How is it fitted?

 A wireless boat control system requires little or no modification to your yacht, so it is unerringly simple to fit. If you use electronic controls, it can generally be retro-fitted, tested and signed off inside a day, before a short spell of on board tuition brings you fully up to speed with how it all operates. And as well as being easy to fit, the increase in popularity has made all-in package prices much more affordable than in the past. When the time comes to upsize, you can even remove a yacht controller from your old boat and reinstall it on your new one, so in terms of both time and money, the technology is extremely accessible.

What other features should you look for?

While there is a significant overlap in the nature of the technologies and in the variety of functions, the ergonomics of the remote control are particularly important. They should allow you to control several functions at once with at least the same degree of ease as you would expect at the helm. If, for instance, you want to operate forward and astern propulsion on twin engines, while also engaging a burst of bow or stern thruster, that shouldn’t be difficult to achieve; and if you want to retrieve your anchor while manoeuvring your boat, again, it should be intuitive. More to the point, once you know how you like to operate your boat in terms of the types of control you favour for a given type of manoeuvre, the best systems should also enable you to customise the hand unit in line with your preferences. Just be aware that user-friendly helming aids like joysticks, automatic trim tabs, autopilot systems and integrated digital navigation suites were never supposed to be replacements for seamanship expertise – and the same goes for wireless boat controls. You still need to have a grasp of wind and tide and of how the elements are likely to influence your vessel as you enter a marina and approach your berth. The job of the wireless remote is not to replace your skills but to enable you to apply them with enhanced safety and control.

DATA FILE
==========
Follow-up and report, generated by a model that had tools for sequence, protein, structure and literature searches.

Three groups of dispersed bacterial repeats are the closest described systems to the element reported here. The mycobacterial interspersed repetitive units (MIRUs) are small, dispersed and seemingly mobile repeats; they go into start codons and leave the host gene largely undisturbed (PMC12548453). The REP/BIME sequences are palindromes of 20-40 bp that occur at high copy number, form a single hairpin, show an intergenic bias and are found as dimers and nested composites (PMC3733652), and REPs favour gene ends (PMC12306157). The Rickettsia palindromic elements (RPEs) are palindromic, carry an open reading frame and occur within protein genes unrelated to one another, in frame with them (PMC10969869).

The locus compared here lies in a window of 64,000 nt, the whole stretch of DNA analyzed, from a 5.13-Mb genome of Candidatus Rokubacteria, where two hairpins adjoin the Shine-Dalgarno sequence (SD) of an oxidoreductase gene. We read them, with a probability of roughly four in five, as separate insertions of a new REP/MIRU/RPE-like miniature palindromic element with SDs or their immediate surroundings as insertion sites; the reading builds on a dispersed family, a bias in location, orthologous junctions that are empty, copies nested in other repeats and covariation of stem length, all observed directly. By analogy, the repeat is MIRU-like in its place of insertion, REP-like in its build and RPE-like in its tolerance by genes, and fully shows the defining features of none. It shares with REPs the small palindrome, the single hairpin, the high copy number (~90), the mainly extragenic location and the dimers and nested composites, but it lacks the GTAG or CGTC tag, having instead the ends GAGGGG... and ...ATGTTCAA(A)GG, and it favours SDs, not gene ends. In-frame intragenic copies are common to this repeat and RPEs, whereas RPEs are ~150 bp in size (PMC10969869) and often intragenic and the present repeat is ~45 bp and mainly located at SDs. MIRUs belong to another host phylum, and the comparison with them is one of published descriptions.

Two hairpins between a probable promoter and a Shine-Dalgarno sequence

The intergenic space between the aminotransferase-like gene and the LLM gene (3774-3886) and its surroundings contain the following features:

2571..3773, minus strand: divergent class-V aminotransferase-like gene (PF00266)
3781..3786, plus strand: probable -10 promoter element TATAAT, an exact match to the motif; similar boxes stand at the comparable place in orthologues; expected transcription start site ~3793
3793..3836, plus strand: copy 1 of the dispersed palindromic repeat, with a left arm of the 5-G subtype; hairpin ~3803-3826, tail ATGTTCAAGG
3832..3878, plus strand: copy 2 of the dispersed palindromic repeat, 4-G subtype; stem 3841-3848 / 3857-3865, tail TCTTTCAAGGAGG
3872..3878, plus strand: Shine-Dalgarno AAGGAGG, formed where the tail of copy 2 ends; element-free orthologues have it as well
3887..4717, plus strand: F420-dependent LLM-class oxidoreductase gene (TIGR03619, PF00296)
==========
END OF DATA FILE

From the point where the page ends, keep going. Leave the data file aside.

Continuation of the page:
The changing face of the remote handset

While wireless boat control systems may have started out as luxury accessories for high-end yachts, they are fast becoming must-have helming aids. There are now various brands involved in the creation of wireless boat controls – chief among which are Yacht Controller, Astel and Dockmate. But whichever you choose, their value for safety conscious boaters, short-crewed skippers or simply for people who want to eradicate some of the stress from their days out, has seen them surge in popularity over the last five years. Naturally then, insurance companies are following the trend with the utmost interest. And if these technologies enable us to see fewer insurance claims related to close-quarters collisions, who knows – we may even see reduced premiums for those who take the plunge and decide to free themselves from the helm.

If you are considering a wireless remote controller for your yacht, speak to one of our expert team at Princess Motor Yacht Sales Individual.  Call us on +44 (0)1752 39331 or email individual@princess.co.uk